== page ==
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Albanian antitrust law (part I)

The legal basis for regulating competition in Albania is outlined mainly in Law 9121 of July 28 2003 (the Competition Law), which aims to protect free and effective competition. The law governs prohibited agreements, abuses of a dominant position and mergers. Separately, state aids will be regulated by Law 9374 of 21 April 2005, which takes effect on January 1 2006.

The negotiations concerning the Stabilization and Association Agreement with the EU emphasized the need for a new, complete and effective legislative regime for competition issues. Competition is one of the main areas where Albania has to approximate its domestic laws with EC law. The Competition Law is therefore oriented towards EC legislation on competition including Regulation 1/2003.

Prohibited agreements

Agreements between enterprises that prevent, restrict, or distort competition are prohibited. These agreements include:

  • the direct or indirect fixing of sale and purchase prices or other business terms;
  • the division of markets or supply sources;
  • the restriction or control of production, distribution, technological development, or investments;
  • discriminating business terms;
  • business relations conditioned on unrelated additional obligations.

Certain agreements may be permitted for reasons of economic efficiency. Horizontal agreements (at the same level) are permissible if they aim to improve rationalization, specialization or research and development of processes and products. Vertical agreements (at different levels) are allowed if they aim to limit sales to several potential categories.

Licensing agreements will also be allowed if the commercial autonomy of the purchaser, licensee and other undertakings is properly limited. At the same time, competition must not be overly restricted, and consumers' interests should prevail.

Abuse of dominant position

The abuse of a dominant position is prohibited. Dominant undertakings are those suppliers or customers exposed to no significant competition, or those that hold market positions superior to other competitors, suppliers or customers. Abuse of a dominant position constitutes, for example, direct or indirect application of unreasonable prices or other commercial terms or conditions. It can also constitute restriction on production, distribution or technical development to the detriment of consumers.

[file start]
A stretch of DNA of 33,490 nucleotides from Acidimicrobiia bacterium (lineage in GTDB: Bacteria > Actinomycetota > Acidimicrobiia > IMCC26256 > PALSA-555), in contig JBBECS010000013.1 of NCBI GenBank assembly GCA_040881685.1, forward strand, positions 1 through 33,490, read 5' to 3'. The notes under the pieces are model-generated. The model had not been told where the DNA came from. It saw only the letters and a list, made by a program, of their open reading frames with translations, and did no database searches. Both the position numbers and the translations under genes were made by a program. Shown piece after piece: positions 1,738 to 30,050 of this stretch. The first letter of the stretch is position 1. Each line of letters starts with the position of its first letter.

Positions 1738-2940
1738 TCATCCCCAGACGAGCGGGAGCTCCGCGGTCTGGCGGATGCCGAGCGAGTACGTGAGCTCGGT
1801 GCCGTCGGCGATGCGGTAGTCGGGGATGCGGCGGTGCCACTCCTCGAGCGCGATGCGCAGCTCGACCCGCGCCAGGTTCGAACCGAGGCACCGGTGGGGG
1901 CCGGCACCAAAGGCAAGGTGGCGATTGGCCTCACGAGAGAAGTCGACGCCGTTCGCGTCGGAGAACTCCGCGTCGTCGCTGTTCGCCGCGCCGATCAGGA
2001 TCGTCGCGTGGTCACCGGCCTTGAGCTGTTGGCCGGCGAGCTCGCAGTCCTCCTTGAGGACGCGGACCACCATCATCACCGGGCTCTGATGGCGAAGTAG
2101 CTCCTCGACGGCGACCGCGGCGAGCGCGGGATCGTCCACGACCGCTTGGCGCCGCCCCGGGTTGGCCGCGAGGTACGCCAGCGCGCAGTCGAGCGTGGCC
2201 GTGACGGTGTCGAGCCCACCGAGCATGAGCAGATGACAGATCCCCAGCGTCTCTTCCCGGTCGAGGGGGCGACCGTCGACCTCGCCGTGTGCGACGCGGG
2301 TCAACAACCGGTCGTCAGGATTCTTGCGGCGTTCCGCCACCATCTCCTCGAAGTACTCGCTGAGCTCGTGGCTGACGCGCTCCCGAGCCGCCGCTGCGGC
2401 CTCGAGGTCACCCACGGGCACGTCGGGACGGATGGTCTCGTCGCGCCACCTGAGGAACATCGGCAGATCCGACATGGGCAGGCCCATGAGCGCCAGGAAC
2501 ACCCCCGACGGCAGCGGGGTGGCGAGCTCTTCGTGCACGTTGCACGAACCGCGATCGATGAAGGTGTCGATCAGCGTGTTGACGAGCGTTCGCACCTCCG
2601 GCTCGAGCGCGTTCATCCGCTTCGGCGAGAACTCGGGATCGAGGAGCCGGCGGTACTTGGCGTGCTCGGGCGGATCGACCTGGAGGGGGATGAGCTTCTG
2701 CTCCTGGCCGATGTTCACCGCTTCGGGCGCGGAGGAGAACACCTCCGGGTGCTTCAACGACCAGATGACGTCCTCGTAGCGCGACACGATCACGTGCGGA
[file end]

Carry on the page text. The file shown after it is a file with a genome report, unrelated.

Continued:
Mergers

A merger is considered to be any of the following: a fusion of two or more independent companies or their parts; a direct or indirect takeover of companies or their parts; the formation of a new joint company (acting as an independent economic unit). The purchase of shares of a company by financial, credit and insurance institutions for the purpose of reselling them within one year from the date of the acquisition is not considered to be a merger, provided that the voting rights associated with these shares are not exercised during this one-year period.

The competent competition authority shall not allow mergers aimed at creating or reinforcing a dominant position in the market held by one or more companies.

The authority may, however, allow a merger when one of the participating companies faces bankruptcy and does not have any less anti-competitive option than a merger. The company must be likely to exit the market in the near future without the prospect of a merger, and there must be no possibility of reorganizing the activity of the company.

Notifications

All undertakings being investigated by the authority, as well as those involved in a merger or that need to be exempted from the application of the law, must provide the authority with any relevant information, including commercial secrets. They must do this on their own initiative or upon receiving a request. The authority must protect confidential information obtained while conducting its activities. This obligation will also extend to its members after their duties are terminated, except when court proceedings are involved.

The merging undertakings, as well as those undertakings proceeding with a takeover, must notify the authority of the merger agreement if:

  • the turnover of all the participating companies in the international market is more than LEK 70 billion (approximately $686.24 million); or
  • the turnover of all the participating companies in the domestic market is more than LEK 800 million, and the turnover of at least one participating company in the domestic market is more than LEK 500 million.

The merger will not be effective if the authority is not notified of the merger, or the merger is not approved, or conditions relevant to the merger authorization are not fulfilled. The authority must also be notified of any horizontal, vertical or licensing agreements, or any amendments to them. The authority may allow them to continue by imposing obligations or conditions on the undertakings, or by limiting the duration of such agreements. Should the authority not contest such agreements within three months of notification the exclusion will be considered granted.

A decision permitting such agreements may be revoked if the facts that served as the basis for the issuance of the decision have changed.

Such decisions can be annulled retroactively on the following grounds:

  • the parties to the agreement have not respected the obligations outlined in the decision;
  • the decision is based on incorrect or improperly obtained information;
  • the parties have abused the exclusion granted by the authority.

Denis Selimi and Manisha Shah

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